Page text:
Reflective listening is the key to this whole theoretical approach. Listen to the clients. They will let you know what has worked and what has not worked. This theory goes beyond the Rogerian approach in that the counselor has directives around "change talk" which the client brings to the session. Make reflections more than surface ones. Those which contain affective but unstated issues may work well. The client will let the counselor know when the counselor is not on track. It is recommended that a ratio of three reflections to one question keeps momentum going.

Summary is the last of these techniques. The counselor is to briefly summarize what the client has been saying. The counselor needs to do it often so as to keep on track with what the client is telling him. It can also be used to change directions. It contains an announcement, listing the basic elements, inviting correction and ending with an open-ended question. If ambivalence is present it should also be included in the summary. The goal for using OARS is forward motion of the client to changing behaviors. "Change talk involves statements or affective communications that indicate the client may be considering the possibility of change." (MI Interactional Techniques) There are four categories of "change talk". Milner and Rollnick have found. They are: "problem recognition, concern about the problem, commitment to change and belief that change is possible." Anything the client states which indicates any of these things can be used to move the client along to change.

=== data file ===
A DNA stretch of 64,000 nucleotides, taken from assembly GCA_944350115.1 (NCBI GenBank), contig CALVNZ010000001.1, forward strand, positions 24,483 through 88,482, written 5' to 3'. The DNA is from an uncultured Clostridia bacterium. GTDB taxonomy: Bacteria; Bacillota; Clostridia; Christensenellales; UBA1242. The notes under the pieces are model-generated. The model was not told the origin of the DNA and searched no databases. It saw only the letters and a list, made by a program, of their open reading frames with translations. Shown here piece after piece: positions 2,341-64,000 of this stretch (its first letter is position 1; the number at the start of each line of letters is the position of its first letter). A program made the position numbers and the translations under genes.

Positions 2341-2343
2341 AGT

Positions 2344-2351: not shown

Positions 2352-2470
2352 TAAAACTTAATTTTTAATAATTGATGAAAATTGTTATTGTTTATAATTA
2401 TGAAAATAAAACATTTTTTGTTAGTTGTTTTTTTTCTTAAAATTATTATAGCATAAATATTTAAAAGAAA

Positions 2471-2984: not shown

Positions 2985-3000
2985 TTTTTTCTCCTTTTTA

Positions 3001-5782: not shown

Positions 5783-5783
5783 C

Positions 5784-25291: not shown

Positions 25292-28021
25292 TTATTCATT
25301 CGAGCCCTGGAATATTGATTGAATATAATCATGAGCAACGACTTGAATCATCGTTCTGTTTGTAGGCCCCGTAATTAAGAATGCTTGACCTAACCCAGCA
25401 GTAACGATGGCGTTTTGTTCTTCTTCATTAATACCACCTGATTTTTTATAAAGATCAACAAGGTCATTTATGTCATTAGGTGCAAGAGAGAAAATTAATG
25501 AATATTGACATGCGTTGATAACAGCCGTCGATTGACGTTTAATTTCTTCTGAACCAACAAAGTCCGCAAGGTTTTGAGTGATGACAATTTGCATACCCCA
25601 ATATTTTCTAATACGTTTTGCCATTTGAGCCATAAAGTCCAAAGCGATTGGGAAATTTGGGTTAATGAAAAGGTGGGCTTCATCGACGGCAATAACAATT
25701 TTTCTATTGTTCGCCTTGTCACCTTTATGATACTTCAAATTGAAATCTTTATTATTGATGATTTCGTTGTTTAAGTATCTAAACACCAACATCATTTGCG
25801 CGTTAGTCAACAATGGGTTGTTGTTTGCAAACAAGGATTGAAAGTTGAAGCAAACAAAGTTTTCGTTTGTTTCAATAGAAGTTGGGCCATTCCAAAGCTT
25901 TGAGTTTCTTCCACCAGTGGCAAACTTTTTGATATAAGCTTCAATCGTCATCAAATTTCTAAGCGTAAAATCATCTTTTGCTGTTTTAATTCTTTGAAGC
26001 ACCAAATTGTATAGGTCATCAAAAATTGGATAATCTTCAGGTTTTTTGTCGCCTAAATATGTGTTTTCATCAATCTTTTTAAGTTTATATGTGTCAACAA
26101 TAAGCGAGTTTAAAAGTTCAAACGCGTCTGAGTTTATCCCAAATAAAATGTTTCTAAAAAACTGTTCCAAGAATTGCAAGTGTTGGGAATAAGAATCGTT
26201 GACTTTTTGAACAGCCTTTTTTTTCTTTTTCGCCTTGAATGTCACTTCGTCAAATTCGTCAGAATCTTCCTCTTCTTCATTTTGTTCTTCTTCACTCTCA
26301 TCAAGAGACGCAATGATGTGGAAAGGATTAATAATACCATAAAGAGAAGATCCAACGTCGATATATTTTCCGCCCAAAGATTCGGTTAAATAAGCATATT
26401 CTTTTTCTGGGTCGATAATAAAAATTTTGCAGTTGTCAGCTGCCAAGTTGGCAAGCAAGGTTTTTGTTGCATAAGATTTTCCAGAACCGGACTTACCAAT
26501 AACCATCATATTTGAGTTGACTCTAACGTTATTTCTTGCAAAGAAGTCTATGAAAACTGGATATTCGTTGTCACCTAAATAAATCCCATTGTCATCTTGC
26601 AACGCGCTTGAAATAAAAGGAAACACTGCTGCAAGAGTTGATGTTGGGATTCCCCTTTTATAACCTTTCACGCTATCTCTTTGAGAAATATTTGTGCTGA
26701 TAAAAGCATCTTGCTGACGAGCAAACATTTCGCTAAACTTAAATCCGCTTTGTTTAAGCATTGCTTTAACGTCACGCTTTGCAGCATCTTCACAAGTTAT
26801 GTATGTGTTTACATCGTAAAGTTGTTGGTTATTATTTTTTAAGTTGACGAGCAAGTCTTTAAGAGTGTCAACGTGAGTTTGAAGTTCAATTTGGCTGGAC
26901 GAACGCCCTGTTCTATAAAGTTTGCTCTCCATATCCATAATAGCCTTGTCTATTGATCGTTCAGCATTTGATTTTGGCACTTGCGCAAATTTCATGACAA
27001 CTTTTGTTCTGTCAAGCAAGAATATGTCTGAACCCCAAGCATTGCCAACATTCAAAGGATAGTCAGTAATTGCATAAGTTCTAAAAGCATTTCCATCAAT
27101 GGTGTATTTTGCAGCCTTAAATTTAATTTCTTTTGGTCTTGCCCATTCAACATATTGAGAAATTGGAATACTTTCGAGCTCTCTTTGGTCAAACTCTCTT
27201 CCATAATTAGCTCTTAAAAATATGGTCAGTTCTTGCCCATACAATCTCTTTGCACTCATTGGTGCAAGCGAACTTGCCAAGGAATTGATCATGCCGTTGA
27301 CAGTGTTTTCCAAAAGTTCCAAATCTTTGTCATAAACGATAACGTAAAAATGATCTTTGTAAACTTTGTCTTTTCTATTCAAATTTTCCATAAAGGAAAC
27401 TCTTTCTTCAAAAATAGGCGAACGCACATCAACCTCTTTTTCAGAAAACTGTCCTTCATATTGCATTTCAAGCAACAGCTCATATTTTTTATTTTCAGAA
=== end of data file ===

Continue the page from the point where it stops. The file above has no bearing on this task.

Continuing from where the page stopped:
Motivational Interviewing, after all, is a theoretical technique which takes skill and lends itself to the Rogerian theory, yet is directive in nature. It is very interesting that the responsibility is squarely in the client's power, with empathy and empowerment by the counselor to effect change in behaviors from destructive ones to constructive ones. Listening skills with which this course began are brought home to us, again, in this theory.

YouTube - Motivational Interviewing William Miller Psychotherapy Video

YouTube - Motivational Interviewing William Miller Psychotherapy Video


Photo courtesy of http://www.hurstwic.org/.../text/norse


The Basic Skills of Motivational Interviewing

The acronym O.A.R.S. reflects the following elements

* Open-ended Questions

* Affirmations

* Reflective listening

* Summaries

Miller & Rollnick, 1993